Living the sweet life: #dolcevitabloggers linkup

I had the pleasure to meet Kelly through Instagram and this is how I came across her blog and read about her deep connection with her Italian roots.

Loving her perspective on “the sweet life”, I have decided to take part in her #dolcevitabloggers linkup and I invite you to do the same if you have something to share about the topic of focusing on the good in life.


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Rural Italy: Small Italian Villages at the foothills of the Small Dolomites

The Italian Tourism Department has decided to dedicate 2017 to the promotion of Italian Villages and Borghi: I’m going to actively contribute by sharing info about what I know best, the Prealpine Contradas, small rural villages at the foothills of the Small Dolomites in Veneto and Trentino.

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The end of #100ItalyFacts + the latest Instagram campaign

Dear friends,

my challenge about the #100ItalyFacts was completed almost one month ago and after that, I worked on making a collection of said “facts” that I linked here. The lovely Manja kindly reminded me that I shared it on social media, but I didn’t write a blog post about it, so here you are the announcement.

In the meantime I have also completed another “Instagram campaign”: “Prealpine  Contradas“. As I mentioned to the people who follow me there, the contradas at the foothills of the Venetian Prealps are small rural villages surrounded by woods and where people entertain a slow-paced kind of existence. I guess you can say it’s a good example of the typical Italian way of living 😉 I plan on writing about these fascinating realities also in here, keep following the blog if you’re interested.

As for now, here you are the last ten days of the #100ItalyFacts. Enjoy!

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#100ItalyFacts on Instagram: day 77-83 [+ Rant about Venice]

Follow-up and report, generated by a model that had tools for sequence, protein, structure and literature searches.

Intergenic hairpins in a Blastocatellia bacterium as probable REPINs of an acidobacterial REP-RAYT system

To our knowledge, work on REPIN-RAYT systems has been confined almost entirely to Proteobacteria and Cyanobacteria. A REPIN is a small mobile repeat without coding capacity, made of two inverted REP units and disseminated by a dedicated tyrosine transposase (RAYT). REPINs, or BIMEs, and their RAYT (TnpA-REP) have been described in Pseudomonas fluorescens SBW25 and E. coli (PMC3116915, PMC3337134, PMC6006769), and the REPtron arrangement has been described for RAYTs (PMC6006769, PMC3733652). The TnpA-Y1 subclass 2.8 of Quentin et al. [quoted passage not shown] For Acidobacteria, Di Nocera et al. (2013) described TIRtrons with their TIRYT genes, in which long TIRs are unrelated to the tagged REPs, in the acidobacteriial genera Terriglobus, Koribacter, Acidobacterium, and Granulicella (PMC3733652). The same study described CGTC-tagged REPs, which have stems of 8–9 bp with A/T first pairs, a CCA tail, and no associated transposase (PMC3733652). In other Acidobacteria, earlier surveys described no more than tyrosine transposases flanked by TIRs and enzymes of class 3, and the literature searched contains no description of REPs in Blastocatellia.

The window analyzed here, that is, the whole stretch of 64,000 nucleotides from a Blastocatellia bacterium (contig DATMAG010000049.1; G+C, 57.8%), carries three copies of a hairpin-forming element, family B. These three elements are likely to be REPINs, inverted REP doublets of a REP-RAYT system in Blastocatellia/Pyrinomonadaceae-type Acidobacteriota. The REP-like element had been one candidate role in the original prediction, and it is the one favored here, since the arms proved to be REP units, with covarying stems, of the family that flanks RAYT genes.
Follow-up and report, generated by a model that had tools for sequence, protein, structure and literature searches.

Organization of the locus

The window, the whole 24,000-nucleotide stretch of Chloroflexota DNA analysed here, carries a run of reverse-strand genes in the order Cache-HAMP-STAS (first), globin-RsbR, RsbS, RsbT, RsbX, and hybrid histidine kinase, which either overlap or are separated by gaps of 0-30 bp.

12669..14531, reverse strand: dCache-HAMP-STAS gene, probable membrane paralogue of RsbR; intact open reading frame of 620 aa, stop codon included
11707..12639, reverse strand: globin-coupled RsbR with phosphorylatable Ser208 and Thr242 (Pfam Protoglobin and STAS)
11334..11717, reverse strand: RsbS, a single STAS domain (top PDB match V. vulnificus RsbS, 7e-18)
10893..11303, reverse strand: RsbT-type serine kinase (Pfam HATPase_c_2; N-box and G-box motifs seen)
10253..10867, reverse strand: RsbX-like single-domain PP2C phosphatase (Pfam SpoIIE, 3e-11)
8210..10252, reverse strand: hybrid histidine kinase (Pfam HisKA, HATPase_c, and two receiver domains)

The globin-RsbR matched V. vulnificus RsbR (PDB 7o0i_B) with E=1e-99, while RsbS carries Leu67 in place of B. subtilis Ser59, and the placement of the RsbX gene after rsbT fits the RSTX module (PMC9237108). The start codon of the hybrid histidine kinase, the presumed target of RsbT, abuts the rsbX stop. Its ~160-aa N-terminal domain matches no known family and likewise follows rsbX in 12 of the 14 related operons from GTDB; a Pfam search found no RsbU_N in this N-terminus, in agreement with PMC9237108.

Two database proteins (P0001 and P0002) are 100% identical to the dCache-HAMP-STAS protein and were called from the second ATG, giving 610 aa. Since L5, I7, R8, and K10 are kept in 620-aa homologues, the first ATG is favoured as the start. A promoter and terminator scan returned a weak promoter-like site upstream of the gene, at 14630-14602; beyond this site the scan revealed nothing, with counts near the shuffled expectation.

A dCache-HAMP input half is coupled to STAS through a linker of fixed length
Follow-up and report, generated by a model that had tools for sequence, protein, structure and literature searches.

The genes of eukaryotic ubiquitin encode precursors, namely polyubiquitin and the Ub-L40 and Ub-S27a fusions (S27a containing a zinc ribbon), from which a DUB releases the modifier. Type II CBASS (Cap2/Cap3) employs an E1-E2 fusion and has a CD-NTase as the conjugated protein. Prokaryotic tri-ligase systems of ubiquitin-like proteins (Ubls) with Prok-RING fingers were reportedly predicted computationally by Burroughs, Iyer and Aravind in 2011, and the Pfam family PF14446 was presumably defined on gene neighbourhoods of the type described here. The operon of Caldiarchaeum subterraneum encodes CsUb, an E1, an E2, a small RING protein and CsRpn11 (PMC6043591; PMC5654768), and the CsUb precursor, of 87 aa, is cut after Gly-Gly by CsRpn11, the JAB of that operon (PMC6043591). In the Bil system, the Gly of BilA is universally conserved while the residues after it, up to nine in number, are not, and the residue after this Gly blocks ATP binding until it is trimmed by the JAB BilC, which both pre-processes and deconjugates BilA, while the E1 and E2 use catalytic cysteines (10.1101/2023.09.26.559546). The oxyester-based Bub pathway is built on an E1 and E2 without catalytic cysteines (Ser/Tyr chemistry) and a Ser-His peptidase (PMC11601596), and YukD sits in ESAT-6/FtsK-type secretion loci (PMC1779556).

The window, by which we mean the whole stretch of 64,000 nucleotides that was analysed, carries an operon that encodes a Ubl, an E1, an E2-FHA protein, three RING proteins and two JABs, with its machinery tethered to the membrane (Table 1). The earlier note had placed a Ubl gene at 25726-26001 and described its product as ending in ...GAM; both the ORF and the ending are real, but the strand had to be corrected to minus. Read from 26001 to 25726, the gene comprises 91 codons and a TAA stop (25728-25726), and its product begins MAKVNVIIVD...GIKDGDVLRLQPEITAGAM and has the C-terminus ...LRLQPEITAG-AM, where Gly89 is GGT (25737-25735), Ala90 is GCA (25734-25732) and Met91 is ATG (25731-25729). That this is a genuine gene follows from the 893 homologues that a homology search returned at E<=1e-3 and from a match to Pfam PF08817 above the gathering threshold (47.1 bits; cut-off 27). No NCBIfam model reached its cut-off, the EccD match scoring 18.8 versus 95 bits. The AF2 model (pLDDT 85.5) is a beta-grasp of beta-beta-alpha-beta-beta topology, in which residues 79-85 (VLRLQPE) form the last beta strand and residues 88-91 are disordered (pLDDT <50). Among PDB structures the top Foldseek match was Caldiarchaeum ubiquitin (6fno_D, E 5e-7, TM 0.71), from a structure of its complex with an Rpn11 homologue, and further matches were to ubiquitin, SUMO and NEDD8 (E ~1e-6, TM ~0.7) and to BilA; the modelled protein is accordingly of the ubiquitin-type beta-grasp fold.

Hi guys!

During this last week I have decided to publish a poll on twitter about Venice. 

Browsing the Internet, I have noticed how many tourists were kind of disappointed in The Serenissima: many claimed that it’s too expensive, others said it’s way too surreal and it doesn’t allow you to experience “the Italian way of life”.

So when I looked at the results and the comments, it didn’t surprise me the fact that the majority of people said it’s a tourist trap.

Sensing the general impression, some time ago I published the first post of (I hope) a prolific series about Venice and how to look at it with different eyes. My desire is to encourage people to see the true experience behind the polished facade of Saint Mark’s square and the Rialto Bridge. This is also why this week I published two posts about Venice for the #100ItalyFacts challenge 😉

If you want, let’s discuss in the comments about your experience in Venice and your general impression about it. Let me also know if you are interested in reading the series I was mentioning before or if you are truly done with this city 😄

Enjoy the usual review, have a nice week!

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Vicenza’s Monte Berico, where Saints and troubles live together

Italy is often depicted as an ambiguous country and Vicenza is obviously no different. As we often say in here, “it has multiple lives as the cats” and polar opposite characteristics coexist without too much of a hassle.With this series of posts about Vicenza, I will try to underline the city’s “split personality”, by identifying the major paradoxes you can find in its layered territory.


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